Black Mirror Season 4 Expands Its World But Limits Its Ideas

Charlie Brooker’s sci-fi universe returns with a host of new genres and more glimmers of hope, even as some of its ideas fall short.

by Emil Hofileña, art by Andrew Panopio


The fourth season of Netflix’s science fiction anthology series Black Mirror opens with grainy, low quality VCR footage of the fictional sci-fi show Space Fleet. It’s an obvious parody of the original Star Trek from the 1960s, complete with meaningless jargon, corny visuals, and Jesse Plemons doing an impressive William Shatner impression. This first scene also ends up becoming a sort of microcosm of the entire season: it’s formally daring (more so than previous seasons) and consistently well acted and entertaining, but so many of its ideas only run skin deep.




Black Mirror season four consists of six episodes: the Star Trek-inspired “USS Callister,” the coming-of-age story “Arkangel,” the thriller “Crocodile,” the romantic comedy “Hang the DJ,” the horror-tinged “Metalhead,” and the anthology-within-an-anthology “Black Museum.” Just by looking at this episode list, one can get an idea of the kind of genre experimentation series creator and primary screenwriter Charlie Brooker is aiming for. Not all of these experiments work, though. Only two episodes really succeed in integrating sci-fi into their chosen aesthetics: “USS Callister,” which becomes an exciting commentary on the toxic workplace, and “Hang the DJ,” a refreshingly light love story set in the world of app-based dating.


USS Callister


“USS Callister” doesn’t use its Star Trek references for anything other than cosmetic purposes. Given how well respected the original Trek series is today (thanks to dozens of sequels, remakes, and imitations in the last five decades), this episode’s critiques of Trek’s sexism and repetitive plotting feel like weak jabs. But that’s okay, because “USS Callister” reveals very early on that it isn’t really about Star Trek. It becomes a frequently funny drama that challenges viewers’ sympathies, and an imperfect but exhilarating space adventure with Hollywood-quality visuals. And if nothing else, the episode should be remembered for its lead performances. The aforementioned Jesse Plemons is dynamic as the captain of the ship, and Cristin Milioti’s wide-eyed charisma makes her a natural heroine.


Hang the DJ


“Hang the DJ,” on the other hand, channels classic Black Mirror by keeping the spectacle at a minimum. It focuses squarely on Frank and Amy (Joe Cole and Georgina Campbell, respectively) as they participate in a dating program that attempts to find each person’s ultimate match by putting them through a series of temporary relationships. This is perhaps the most accessible Black Mirror has ever been, using Cole and Campbell’s undeniable chemistry (and their characters’ relationship to the dating app itself) to discuss the joys and pitfalls of modern love. It’s brazenly sweet, aggressively likable, and easily the best episode of the season.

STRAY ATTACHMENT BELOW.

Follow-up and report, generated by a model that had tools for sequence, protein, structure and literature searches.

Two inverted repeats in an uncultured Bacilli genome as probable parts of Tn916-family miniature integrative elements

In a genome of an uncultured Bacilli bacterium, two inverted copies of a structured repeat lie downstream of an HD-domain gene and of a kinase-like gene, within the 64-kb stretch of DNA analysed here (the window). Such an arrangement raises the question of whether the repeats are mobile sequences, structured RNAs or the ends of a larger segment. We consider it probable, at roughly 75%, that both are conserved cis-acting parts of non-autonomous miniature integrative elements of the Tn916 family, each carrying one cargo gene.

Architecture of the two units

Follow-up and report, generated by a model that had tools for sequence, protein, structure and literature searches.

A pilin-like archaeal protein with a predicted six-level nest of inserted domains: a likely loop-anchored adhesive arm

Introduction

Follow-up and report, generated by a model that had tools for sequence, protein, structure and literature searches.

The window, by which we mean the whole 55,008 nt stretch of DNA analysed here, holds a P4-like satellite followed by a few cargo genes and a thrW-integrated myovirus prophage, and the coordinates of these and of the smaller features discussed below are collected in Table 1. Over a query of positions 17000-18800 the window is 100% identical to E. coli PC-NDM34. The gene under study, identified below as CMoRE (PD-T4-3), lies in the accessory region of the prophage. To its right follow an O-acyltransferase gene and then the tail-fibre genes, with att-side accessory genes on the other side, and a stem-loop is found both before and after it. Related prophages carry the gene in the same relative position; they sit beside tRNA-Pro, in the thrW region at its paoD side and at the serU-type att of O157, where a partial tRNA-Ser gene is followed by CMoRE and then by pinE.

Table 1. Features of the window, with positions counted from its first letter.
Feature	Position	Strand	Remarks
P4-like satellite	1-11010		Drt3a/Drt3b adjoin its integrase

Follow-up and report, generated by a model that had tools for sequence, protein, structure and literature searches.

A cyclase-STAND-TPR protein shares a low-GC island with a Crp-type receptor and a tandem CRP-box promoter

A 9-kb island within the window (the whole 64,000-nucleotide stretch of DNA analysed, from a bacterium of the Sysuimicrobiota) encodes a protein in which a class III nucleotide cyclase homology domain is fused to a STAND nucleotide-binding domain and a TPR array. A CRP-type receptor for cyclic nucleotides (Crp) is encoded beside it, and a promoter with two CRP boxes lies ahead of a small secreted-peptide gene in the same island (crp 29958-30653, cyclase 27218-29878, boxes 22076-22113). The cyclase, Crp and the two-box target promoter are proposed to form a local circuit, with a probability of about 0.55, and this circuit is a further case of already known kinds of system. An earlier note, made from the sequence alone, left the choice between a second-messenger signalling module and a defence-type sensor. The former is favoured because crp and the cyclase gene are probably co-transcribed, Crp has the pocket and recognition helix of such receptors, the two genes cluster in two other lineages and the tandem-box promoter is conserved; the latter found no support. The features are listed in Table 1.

Both of these episodes sport a much more positive tone than the series is known for (echoing last season’s acclaimed “San Junipero”), and it seems that Brooker has become more confident with telling optimistic stories. In contrast, the fourth season’s bleaker episodes suffer; they lack strong relationships between their characters and the technology they encounter.




The deliberately spare “Metalhead” features a murderous robot dog as a main character, but the episode doesn’t provide enough detail about the world to make the dog’s interactions with the protagonist carry any weight. “Arkangel” and “Crocodile” see Brooker trying too hard to hit the beats of their respective subgenres, minimizing the science fiction aspect in the process. The parenting surveillance program in “Arkangel” doesn’t add any real nuance to the mother-daughter relationship at its core, while the memory-activated accident verification technology in “Crocodile” doesn’t actually factor into the main story. The relative absence of technology in these episodes wouldn’t have been a big problem if the human beings themselves were interesting, but they’re not. Black Mirror has always had something to say about people’s agency and use of power. Here, Brooker’s insights run thin.




Ultimately, however, it would still be dishonest to write off this season of Black Mirror as a misfire. The show boasts some of the best sci-fi visual effects currently on television and consistently committed performances (even the weaker “Crocodile” features a compelling Andrea Riseborough), and it stands as a potent reminder of what an anthology series can do. Somehow, even the missteps seem deliberate—experiments made with the best intentions. With every episode of Black Mirror, this interconnected universe only gets deeper, most blatantly seen in the forgettable but decent “Black Museum.” Instead of sticking to a formula, the show continues to expand.


Black Museum


So even as this season of Black Mirror fails to be as engaging both intellectually and emotionally, Brooker seems to be attempting to expand the ways that sci-fi stories can be told on TV. Granted, he’s still in the midst of finding a way for Black Mirror’s best qualities to coexist with the trappings of other genres. But if the series gets renewed, and if Brooker continues on this path, we’d be happy to take another trip into his future.


Black Mirror is streaming on Netflix.